1

I am worried that my Arduino is fried from a previous attempt at connecting a servo to it. To test my concerns, I changed the circuit to see if Arduino could even power a simple LED:

Code:

int led = 13;

void setup() {
    pinMode(led, OUTPUT);  
}

void loop() {
    digitalWrite(led, HIGH);
    delay(4000);
    digitalWrite(led, LOW);
    delay(4000);
}

Wiring:

enter image description here

In that pic, the Arduino is connected to a 9V battery. When I test the purple connections with my multimeter, the power bounces between ~5V and a weird 1.65V value every four seconds. I assume thats power being applied to the output pin in keeping with my code.

However, the LED does not light up. Any ideas as to what could be going wrong or how I could troubleshoot?

  • 1
    Have you tried putting the led the other way around? Led's do have polarity, so they won't lit up when they're put in the other way around. And also, are you sure the LED is working? – Paul Jun 16 '15 at 10:24
  • LEDs have a longer and shorter lead. The longer one is positive. The way your diagram is drawn, it looks like you have it in backwards. – Nick Gammon Jul 16 '15 at 7:00
1

As noted in the previous answer, being able to upload a new sketch indicates an Arduino is ok in general – in particular has a functioning CPU – but of course that does not test all features. For example, individual inputs and outputs can be damaged.

You can easily change your sketch so that it drives some range of outputs, as shown below. Thereafter, try moving the red wire (that now connects on 13) to some other of the outputs in the selected range.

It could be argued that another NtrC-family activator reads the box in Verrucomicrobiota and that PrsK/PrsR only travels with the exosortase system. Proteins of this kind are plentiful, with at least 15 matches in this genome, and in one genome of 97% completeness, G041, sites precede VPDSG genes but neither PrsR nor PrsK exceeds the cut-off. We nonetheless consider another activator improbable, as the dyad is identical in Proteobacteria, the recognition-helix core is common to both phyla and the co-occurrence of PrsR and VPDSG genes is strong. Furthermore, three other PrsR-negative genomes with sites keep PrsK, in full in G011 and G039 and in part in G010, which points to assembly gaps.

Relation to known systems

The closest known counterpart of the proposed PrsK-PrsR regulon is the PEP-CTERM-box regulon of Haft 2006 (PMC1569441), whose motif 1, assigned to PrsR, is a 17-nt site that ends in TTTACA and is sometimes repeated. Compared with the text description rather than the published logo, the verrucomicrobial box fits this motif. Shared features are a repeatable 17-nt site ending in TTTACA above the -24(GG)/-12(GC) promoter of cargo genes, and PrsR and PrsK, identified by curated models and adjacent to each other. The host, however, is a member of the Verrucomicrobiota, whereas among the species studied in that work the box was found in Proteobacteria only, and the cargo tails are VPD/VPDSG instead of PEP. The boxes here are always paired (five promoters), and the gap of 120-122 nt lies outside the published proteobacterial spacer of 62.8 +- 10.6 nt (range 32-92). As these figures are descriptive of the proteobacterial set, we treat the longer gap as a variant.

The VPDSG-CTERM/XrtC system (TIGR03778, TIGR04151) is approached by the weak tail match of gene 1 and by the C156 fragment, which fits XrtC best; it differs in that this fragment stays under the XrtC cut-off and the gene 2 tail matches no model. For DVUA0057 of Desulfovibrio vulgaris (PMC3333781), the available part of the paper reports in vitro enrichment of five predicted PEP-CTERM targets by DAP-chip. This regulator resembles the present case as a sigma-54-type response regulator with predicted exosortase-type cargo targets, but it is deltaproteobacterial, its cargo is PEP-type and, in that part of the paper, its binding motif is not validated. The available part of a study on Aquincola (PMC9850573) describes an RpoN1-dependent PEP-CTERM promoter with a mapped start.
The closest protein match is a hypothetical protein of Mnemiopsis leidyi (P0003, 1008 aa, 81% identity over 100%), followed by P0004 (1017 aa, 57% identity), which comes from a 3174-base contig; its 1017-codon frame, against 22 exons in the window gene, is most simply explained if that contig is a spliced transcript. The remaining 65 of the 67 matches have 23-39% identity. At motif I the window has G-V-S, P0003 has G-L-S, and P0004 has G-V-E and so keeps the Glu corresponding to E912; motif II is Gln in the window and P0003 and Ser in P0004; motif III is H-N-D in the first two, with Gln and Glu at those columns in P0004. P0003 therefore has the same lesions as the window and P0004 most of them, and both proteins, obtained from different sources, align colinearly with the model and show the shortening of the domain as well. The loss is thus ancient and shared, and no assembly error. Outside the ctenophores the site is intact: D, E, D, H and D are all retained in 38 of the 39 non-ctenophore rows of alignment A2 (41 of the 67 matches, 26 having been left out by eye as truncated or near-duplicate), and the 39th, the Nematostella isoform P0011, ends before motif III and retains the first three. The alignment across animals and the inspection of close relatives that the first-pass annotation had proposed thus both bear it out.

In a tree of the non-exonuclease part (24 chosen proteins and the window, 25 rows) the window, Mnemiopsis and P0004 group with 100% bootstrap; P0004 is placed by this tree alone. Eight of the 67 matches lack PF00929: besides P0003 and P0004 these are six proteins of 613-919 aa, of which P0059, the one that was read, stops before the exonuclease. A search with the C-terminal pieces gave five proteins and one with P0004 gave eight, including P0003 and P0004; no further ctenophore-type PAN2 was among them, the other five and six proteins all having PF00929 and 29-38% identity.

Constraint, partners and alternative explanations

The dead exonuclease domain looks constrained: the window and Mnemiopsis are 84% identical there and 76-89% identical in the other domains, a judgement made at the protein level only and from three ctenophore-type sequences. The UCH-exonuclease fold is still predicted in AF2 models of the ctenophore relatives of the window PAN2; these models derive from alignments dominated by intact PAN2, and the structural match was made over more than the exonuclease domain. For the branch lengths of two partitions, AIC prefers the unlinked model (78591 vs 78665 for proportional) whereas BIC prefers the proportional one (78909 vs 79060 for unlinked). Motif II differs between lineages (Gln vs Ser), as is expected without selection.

enum { LedLo=2, LedHi=20}; // Set lo and hi limits of range

void setup() {
  for (int led=LedLo; i <= LedHi; ++i)
    pinMode (led, OUTPUT);
}

void loop() {
  for (int led=LedLo; i <= LedHi; ++i)
    digitalWrite(led, HIGH);
  delay(4000);
  for (int led=LedLo; i <= LedHi; ++i)
    digitalWrite(led, LOW);
  delay(4000);
}
0

If the LED 'ON' is lit, the board has 3.3v power. Does the LED 'L' blink? It is also on pin 13, the one your sketch controls. If so, perhaps your breadboard circuit is likely at fault. Do you have a multimeter? Does the voltage on whichever pin # your sketch controls change as you would expect it to? If both are correct, then if you recompile your sketch to use a different pin #, and adjust your connections to match, does your breadboard LED light then?

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